Mr. Nichol was out of the country on vacation and couldn't be reached for comment on a story that appeared in The Wall Street Journal last week.
The Journal reported Mr. Nichol's consultancy had been working with Loblaw's President's Choice line of premium private-label products since the beginning of 1994, but could no longer devote enough time to the growing program.
With Loblaw off his client list, Mr. Nichol will be able to concentrate his marketing efforts in the U.S. and abroad.
Neither Mr. Nichol nor his secretary would comment on specific future plans, but the Journal reported Mr. Nichol is talking with Cott Corp., Canada's largest private-label soft-drink bottler and the producer of President's Choice store brand cola.
Mr. Nichol is no stranger to Cott. Nearly four years ago, when he was president of Loblaw's grocery product development arm, Mr. Nichol asked the company to produce the cola. Cott's sales exploded, hitting $366.5 million for the first nine months of 1993 compared with $116 million for all of 1991. Cott now also supplies private-label soft drinks to U.S. chains.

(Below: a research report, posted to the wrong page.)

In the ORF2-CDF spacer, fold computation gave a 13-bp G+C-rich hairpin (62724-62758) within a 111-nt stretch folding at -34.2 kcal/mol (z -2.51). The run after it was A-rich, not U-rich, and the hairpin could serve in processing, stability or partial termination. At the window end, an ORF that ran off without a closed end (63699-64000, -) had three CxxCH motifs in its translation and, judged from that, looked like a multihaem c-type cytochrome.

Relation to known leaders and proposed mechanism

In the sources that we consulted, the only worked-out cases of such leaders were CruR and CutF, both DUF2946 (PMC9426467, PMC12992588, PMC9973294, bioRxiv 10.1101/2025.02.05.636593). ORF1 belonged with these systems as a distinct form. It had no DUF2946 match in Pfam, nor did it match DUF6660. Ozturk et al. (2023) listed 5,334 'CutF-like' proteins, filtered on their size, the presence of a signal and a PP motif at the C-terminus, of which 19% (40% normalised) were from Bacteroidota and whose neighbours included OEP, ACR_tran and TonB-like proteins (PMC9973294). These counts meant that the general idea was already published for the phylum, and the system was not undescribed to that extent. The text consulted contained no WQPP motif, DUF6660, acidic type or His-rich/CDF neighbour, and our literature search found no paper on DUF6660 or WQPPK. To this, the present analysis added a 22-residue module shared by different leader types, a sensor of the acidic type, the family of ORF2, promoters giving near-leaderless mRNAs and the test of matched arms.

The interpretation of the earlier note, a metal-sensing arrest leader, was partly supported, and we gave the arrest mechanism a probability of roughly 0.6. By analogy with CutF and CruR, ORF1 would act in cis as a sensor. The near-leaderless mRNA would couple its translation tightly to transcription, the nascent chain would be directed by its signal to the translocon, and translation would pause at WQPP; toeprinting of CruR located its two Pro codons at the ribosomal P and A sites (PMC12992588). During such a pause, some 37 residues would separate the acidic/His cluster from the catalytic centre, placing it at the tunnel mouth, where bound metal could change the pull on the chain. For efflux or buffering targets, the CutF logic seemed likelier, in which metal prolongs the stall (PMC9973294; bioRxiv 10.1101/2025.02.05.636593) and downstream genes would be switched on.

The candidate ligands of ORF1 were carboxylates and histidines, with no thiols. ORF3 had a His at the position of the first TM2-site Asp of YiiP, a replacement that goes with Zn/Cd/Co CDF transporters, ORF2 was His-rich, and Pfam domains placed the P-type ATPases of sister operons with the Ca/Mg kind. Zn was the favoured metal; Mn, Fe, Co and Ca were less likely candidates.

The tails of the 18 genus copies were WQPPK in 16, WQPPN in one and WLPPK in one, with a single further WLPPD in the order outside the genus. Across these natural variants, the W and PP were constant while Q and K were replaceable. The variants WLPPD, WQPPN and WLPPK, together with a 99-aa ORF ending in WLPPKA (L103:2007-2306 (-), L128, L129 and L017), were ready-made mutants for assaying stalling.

In Canada, private-label sodas have quadrupled their market share in less than five years, led by President's Choice.
Mr. Nichol spearheaded the marketing efforts of President's Choice, which has grown into a $1 billion brand with more than 1,000 items including cookies and soft drinks. He left Loblaw at the end of '93 after 20 years as an executive there.
The premium private-label products are sold in supermarket chains throughout Canada and the U.S.
Estimates on the future growth of private labels vary. Some experts estimate private label will have a 40% volume share of all grocery product purchases by 2000, from 18.7% in 1992. However, a Grocery Manufacturers Association-sponsored study released earlier this year questioned whether premium private labels like President's Choice would be able to sustain growth and predicted the share would increase to 23% by 2000.